Sheltered is a good game. You can manage your own bunker, you can scavenge around the nuclear world, but while you are doing this, you have to protect your family. The game lacks of emotional sometimes, but it is more than Fallout Shelter and less than This War of Mine.
Review in Turkish | Read full review
I’ll conclude by saying that Sheltered gets a lot of things right with creating a complex system that provides a realistic and interesting take on surviving in a post-apocalyptic world. It’s just unfortunate that to succeed you have to rely more on luck than skill and is further let down by awkward and frustrating controls and a lack of narrative and minimal presentation. If you fancy a much more challenging Fallout: Shelter and aren’t scared by an intense resource management system then Sheltered is a fine survival strategy game to sink many hours into.
Sheltered pits the player in a post-apocalyptic setting and there are plenty of options on how to deal with those horrible, new circumstances. Unfortunately the game is not very user-friendly and a lot of the game's mechanics and actions often go unexplained when some simple tutorials could make a big difference. The game is also difficult to interact with, which does not make the experience more enjoyable.
Review in Portuguese | Read full review
Sheltered starts off brilliantly, hooking you with the immediate and pressing needs of a family seeking sanctuary against the perils of its post-apocalyptic world, but there's not enough content to reward prolonged play. Once your vault has been fully upgraded, the experience becomes bland and meaningless, veering dangerously close to authenticity of the undesirable sort.
Sheltered is a complex strategy and resource management game which gets a lot of things right. Its presentation creates a palpable atmosphere, while its many relatively simple systems interlock in ways that are both thematically appropriate and mechanically interesting. Unfortunately, those same clever systems sometimes rely too heavily on luck, which – when combined with the title's abysmal controls – often make the entire experience more frustrating than its worth.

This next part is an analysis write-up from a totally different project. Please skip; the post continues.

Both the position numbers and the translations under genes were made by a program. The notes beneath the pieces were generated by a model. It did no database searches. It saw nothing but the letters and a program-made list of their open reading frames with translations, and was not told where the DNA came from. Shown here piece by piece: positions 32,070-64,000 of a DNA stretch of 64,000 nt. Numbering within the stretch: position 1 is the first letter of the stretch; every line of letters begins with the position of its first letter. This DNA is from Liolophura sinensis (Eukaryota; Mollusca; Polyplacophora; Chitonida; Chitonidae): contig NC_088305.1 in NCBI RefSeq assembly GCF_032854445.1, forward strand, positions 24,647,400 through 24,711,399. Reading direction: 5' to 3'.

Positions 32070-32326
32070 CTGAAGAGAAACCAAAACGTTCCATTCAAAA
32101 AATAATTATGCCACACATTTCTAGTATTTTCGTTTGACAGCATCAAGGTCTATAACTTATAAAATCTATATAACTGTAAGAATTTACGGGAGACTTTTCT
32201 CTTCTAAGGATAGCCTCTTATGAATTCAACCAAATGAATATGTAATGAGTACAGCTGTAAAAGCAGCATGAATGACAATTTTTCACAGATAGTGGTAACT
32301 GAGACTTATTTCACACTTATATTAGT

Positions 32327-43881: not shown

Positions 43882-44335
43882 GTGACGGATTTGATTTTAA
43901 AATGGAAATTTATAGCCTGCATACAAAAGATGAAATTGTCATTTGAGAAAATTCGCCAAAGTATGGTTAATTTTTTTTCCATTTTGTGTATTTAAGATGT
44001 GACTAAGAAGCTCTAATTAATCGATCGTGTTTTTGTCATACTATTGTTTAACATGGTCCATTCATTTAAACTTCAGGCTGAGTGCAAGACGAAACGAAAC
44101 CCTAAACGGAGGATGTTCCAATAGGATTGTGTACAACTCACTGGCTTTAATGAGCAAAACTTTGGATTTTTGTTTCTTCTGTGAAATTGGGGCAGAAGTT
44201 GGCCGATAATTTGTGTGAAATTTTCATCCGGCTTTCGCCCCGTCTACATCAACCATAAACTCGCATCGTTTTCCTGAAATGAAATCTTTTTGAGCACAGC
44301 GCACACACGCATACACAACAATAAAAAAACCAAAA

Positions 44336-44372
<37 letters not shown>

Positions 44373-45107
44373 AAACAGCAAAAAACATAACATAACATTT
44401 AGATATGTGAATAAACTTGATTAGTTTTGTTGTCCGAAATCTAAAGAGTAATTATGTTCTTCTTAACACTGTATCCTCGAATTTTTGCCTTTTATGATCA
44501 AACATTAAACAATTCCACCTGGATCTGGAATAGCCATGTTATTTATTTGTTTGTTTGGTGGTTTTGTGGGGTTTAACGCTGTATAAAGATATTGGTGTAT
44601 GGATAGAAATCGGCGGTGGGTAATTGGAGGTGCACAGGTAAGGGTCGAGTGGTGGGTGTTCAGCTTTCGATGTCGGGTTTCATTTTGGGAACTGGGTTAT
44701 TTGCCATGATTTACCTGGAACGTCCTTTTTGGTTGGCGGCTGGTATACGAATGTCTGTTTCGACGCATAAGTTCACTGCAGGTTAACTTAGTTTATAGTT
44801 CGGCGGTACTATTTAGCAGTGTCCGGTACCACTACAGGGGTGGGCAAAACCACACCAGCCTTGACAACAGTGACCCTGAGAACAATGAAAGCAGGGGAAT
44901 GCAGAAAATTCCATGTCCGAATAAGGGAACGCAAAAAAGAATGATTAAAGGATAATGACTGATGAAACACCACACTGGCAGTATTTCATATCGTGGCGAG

As a whole Sheltered isn’t too bad but I’d say the biggest hurdle it faces is in differentiating itself and proving it is more fun/challenging/engaging than its competition on the console. Since it isn’t very action-oriented it can’t compete with the likes of Don’t Starve, Flame in the Flood, or Crashlands, it lacks the emotional depth and gravity of This War of Mine, and obviously compared to Fallout Shelter it isn’t free and while it doesn’t bug you trying to get you to pay for things it also isn’t nearly as polished. In the end it’s just a decent, though somewhat lackluster, survival sim that has its moments but doesn’t do enough to stand out very much in a crowded eShop.
_____________________________ “Hopefully you find a bounty of treasure in the areas around your shelter because if you don’t, suddenly Charlie’s haunted past of having to kill his wife and son so he didn’t watch them starve just isn’t enough to give him his ration for the day.
Sheltered makes for an engaging time killer in short bursts, but very few of its survival themed mechanics serve in benefit to the overall experience. Where Scenario actually makes good use of the premise, Survive suffers considerably due to poor RNG, a tedious loop, and a difficulty curve that, while adjustable, does very little to accommodate newcomers. There is an admittedly strong thematic cohesion between the gameplay and atmosphere, but this doesn't do nearly enough to do its premise justice.